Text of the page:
Lets start with the Detroit Metropolitan Airport and the ideal of privatization.  The British have done this with London's Heathrow Airport and six others Gatwick, Stansted, Glasgow, Edinburgh, Prestwick, and Aberdeen.  The benefits of this would be an increase in competition, an increase in managerial efficiency, a reduction in political interference and the removal of private sector borrowing requirement constraint on investment programs.  It could also have an effect on an increase in competition.  Airports don't really compete on price because their primary revenue, landing and passenger fees, account for only about 5% of an airlines costs.  Certain aspects of the Airport would have to remain under government control, chief among those would be the FAA to oversee Air Traffic Control.  That system is proven and reliable given the safety records we enjoy in the United States.  Through a public sale of stock and a smart marketing campaign to regain or restore public confidence it would not be hard to duplicate the success the British have had.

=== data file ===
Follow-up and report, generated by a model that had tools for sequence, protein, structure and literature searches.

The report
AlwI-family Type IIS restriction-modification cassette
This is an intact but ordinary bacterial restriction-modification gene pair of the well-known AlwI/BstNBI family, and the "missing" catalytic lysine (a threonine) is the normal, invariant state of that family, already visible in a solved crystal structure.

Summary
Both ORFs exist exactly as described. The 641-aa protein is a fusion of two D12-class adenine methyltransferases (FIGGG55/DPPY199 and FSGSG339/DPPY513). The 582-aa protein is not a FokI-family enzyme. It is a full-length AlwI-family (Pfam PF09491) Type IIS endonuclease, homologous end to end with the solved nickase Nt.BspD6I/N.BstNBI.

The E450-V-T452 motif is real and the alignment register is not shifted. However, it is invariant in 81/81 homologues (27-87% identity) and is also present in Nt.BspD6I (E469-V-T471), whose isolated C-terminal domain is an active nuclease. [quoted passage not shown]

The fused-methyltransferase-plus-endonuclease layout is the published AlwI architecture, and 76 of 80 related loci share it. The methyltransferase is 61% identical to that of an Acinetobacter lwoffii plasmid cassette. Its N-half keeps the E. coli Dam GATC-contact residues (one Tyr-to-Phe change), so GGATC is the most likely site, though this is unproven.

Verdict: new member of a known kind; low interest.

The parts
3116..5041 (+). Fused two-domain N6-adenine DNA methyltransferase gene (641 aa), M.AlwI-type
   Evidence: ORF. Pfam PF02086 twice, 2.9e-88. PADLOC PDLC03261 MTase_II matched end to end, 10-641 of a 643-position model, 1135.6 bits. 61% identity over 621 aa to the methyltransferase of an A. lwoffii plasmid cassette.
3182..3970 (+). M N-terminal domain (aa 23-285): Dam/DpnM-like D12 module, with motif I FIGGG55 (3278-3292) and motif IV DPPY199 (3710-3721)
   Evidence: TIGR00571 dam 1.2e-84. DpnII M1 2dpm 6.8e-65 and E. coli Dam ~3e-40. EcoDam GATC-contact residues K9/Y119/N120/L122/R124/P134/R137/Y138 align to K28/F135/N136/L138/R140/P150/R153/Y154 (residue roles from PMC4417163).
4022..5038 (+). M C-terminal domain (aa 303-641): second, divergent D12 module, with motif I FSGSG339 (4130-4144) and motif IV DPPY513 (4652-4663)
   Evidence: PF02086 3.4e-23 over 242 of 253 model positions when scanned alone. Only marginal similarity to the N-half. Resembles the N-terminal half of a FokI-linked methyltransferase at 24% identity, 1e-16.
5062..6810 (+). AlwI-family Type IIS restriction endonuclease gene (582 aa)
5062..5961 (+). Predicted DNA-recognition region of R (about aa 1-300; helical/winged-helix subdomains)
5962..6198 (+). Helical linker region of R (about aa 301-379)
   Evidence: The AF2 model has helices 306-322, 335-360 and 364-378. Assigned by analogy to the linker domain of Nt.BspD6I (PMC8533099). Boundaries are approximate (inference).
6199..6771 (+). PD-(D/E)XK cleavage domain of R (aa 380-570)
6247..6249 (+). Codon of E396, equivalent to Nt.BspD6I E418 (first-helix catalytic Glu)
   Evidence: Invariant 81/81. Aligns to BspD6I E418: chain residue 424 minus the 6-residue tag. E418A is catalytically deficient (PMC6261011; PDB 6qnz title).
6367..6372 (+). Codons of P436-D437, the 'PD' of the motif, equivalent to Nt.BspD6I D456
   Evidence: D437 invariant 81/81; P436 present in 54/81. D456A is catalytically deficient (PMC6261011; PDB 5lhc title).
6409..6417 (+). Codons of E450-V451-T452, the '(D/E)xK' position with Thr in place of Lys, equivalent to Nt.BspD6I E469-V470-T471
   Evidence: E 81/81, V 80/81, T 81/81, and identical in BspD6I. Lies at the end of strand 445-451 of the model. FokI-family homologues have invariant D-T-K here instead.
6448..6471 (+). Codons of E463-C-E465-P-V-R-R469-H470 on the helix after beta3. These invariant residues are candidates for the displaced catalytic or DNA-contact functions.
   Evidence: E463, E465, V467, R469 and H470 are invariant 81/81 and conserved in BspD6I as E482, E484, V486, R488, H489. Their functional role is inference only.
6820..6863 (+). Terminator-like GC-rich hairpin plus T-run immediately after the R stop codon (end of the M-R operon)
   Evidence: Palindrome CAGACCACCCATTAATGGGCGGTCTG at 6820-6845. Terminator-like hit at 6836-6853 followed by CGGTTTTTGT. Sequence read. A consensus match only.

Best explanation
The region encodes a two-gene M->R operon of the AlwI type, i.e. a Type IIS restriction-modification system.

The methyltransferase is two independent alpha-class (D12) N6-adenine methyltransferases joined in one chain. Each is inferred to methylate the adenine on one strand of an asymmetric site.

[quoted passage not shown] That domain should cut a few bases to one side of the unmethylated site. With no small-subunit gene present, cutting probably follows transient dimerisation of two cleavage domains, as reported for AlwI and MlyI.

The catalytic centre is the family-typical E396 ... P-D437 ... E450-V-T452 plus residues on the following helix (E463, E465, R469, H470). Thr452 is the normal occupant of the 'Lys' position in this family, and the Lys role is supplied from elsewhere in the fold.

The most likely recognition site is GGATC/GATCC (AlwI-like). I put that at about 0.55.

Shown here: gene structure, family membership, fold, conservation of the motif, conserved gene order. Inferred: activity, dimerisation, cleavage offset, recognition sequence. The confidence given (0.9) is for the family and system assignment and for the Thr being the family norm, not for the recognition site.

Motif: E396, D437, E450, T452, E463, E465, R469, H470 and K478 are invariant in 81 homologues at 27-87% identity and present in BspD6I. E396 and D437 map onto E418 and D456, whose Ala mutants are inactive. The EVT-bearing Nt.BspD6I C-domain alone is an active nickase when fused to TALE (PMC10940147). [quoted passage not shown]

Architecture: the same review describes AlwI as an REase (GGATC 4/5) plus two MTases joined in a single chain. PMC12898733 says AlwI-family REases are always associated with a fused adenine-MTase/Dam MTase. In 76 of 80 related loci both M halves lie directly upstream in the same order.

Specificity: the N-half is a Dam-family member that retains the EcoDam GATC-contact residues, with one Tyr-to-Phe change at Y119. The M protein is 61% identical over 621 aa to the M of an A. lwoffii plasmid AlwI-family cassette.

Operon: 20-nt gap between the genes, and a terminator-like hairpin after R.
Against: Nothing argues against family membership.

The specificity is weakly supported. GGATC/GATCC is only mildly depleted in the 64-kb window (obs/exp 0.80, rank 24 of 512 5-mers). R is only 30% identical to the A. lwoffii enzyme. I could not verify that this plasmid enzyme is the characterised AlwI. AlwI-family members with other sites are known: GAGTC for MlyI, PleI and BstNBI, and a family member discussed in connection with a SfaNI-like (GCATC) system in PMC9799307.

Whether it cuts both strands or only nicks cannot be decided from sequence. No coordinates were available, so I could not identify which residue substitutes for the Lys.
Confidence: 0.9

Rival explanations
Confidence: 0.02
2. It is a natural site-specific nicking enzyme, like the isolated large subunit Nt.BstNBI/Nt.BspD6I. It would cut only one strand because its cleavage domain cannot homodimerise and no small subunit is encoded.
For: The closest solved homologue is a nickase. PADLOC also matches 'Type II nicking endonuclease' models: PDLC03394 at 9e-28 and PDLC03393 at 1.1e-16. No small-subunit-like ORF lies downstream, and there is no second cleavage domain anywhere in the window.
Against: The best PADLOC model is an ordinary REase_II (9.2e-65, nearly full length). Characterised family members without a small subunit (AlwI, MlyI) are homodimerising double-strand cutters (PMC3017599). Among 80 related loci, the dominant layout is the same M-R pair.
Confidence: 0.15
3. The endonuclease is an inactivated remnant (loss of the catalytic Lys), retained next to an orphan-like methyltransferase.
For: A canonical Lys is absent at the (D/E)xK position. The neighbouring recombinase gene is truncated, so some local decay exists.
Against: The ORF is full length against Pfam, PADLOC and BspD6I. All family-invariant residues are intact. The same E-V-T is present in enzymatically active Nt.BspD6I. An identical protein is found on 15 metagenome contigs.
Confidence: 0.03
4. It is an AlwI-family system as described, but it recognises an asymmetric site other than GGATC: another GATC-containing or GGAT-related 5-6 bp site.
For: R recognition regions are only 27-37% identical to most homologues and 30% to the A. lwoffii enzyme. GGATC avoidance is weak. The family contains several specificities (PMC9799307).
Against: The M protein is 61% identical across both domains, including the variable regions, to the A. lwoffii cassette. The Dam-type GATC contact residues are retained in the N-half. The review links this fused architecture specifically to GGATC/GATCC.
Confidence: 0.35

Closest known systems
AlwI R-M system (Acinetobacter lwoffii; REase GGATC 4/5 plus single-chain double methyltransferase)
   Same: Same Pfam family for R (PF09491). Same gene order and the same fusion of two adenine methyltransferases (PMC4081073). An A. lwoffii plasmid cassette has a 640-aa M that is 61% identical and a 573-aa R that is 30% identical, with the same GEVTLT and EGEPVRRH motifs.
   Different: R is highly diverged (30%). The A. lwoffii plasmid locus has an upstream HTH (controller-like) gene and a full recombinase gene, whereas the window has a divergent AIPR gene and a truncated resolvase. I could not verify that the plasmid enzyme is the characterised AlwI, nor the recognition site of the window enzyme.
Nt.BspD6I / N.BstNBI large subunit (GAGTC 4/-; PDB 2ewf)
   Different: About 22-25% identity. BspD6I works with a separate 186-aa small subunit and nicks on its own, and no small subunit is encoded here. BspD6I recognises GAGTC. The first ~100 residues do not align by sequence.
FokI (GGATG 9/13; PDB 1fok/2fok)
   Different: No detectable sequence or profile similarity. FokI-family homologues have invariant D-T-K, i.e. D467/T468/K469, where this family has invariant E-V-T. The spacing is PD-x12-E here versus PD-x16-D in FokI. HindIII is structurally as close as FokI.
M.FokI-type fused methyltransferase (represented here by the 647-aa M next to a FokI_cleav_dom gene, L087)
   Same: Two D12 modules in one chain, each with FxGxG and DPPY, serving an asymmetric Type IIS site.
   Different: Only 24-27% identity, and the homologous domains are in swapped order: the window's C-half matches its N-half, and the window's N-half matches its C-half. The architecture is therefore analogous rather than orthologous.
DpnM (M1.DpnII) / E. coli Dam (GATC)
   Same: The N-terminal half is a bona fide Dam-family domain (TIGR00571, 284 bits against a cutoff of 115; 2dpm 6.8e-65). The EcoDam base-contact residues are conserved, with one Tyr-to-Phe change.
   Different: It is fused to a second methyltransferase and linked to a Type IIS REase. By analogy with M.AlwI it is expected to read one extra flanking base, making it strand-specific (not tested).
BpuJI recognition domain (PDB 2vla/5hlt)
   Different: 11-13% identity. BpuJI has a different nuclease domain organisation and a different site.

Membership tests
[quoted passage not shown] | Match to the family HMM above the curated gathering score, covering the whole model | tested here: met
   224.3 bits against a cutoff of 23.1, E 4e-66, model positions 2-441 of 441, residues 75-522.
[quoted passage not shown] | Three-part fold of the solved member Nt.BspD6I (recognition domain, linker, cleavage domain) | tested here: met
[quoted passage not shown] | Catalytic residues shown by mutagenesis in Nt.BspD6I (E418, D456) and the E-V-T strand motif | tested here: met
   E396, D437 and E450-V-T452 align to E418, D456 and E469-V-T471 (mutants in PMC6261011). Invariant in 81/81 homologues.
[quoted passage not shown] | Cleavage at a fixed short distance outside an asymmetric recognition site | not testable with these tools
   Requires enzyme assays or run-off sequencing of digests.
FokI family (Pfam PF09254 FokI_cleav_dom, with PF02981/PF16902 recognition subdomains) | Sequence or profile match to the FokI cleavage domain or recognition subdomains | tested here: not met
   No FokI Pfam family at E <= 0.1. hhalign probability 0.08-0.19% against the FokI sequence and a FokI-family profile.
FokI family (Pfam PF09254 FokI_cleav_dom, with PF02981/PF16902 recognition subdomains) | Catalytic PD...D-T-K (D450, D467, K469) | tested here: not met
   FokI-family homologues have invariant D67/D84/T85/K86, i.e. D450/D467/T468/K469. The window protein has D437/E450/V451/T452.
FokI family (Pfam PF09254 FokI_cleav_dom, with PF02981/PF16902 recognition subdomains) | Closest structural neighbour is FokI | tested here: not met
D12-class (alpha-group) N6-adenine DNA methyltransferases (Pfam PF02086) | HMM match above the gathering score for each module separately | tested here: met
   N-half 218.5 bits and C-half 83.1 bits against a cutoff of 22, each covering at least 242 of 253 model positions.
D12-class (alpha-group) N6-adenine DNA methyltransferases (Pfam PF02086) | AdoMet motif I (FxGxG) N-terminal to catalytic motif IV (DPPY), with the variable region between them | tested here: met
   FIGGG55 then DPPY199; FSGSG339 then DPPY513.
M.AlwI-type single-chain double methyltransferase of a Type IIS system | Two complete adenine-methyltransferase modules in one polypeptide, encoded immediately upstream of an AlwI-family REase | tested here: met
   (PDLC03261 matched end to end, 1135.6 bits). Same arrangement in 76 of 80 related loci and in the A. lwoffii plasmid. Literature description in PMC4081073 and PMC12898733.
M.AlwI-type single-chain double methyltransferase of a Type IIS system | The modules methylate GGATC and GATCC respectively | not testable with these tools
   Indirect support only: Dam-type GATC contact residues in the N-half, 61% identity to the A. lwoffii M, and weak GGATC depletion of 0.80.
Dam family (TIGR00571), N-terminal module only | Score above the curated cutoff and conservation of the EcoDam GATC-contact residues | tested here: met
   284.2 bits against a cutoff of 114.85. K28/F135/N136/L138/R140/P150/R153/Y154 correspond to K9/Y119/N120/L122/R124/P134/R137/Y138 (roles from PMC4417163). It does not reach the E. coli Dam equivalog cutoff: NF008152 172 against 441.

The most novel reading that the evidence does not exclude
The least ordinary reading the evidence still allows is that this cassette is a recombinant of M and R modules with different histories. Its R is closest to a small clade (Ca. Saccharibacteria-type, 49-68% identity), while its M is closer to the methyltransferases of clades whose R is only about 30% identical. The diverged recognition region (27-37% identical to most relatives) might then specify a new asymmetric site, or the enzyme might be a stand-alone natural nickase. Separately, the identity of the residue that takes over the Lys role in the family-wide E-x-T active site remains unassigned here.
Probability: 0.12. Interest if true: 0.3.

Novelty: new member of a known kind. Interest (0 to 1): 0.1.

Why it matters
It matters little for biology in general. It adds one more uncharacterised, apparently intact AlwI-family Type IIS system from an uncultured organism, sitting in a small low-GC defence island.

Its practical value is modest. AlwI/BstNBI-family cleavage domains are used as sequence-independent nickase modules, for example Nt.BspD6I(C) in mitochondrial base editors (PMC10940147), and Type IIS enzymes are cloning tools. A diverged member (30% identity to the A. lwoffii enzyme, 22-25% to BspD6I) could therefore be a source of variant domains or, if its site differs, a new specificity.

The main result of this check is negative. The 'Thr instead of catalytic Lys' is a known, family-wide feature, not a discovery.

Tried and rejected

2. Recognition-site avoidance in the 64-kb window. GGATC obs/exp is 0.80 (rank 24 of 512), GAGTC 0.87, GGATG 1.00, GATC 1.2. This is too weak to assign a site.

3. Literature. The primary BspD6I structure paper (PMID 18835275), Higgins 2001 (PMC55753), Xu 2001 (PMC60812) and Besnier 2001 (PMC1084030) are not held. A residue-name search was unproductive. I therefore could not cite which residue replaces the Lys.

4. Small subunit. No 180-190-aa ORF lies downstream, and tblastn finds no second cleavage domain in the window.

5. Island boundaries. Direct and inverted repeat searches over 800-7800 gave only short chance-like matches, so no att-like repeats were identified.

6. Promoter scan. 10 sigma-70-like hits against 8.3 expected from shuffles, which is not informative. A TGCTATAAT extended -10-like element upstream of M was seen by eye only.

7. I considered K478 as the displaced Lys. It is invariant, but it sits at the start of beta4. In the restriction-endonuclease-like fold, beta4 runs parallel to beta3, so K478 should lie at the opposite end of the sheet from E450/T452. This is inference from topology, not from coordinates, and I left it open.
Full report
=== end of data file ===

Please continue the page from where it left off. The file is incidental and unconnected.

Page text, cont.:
Schools would be the other area where semi-privatization would greatly benefit the city.  Currently the public school district has been shutting down schools for one simple reason.  The system was built to handle twice the amount of students it currently does.  As a result somber images of closed schools standing unused with libraries full of books, computer labs overturned and art classrooms still stocked with supplies riddle the city.  Under semi-privatization these buildings could be sold by the city with money from the sales of the properties used to fund other urban renewal projects that the city could use.  Under semi-privatization, taxes brought upon the people could be returned to the private sector in the form of vouchers, these vouchers would in turn allow parents to send their child to their school of choice within the city limits. Cities would act as a broker collecting tax money at a reduced rate as private industries would alleviate the district from duties such as custodial, food preparation, outdoor maintenance, transportation and even teacher salaries could be deferred to the private sector who, under need for maximum funding from the city would need to show improvement of scores, graduation rates, dropout rate decline and school age crime rate statistics.  A reduction in school taxes would allow for some families to be able to afford personal funding of some after-school projects and athletics (which could be funded almost entirely by booster club activities and sponsorships).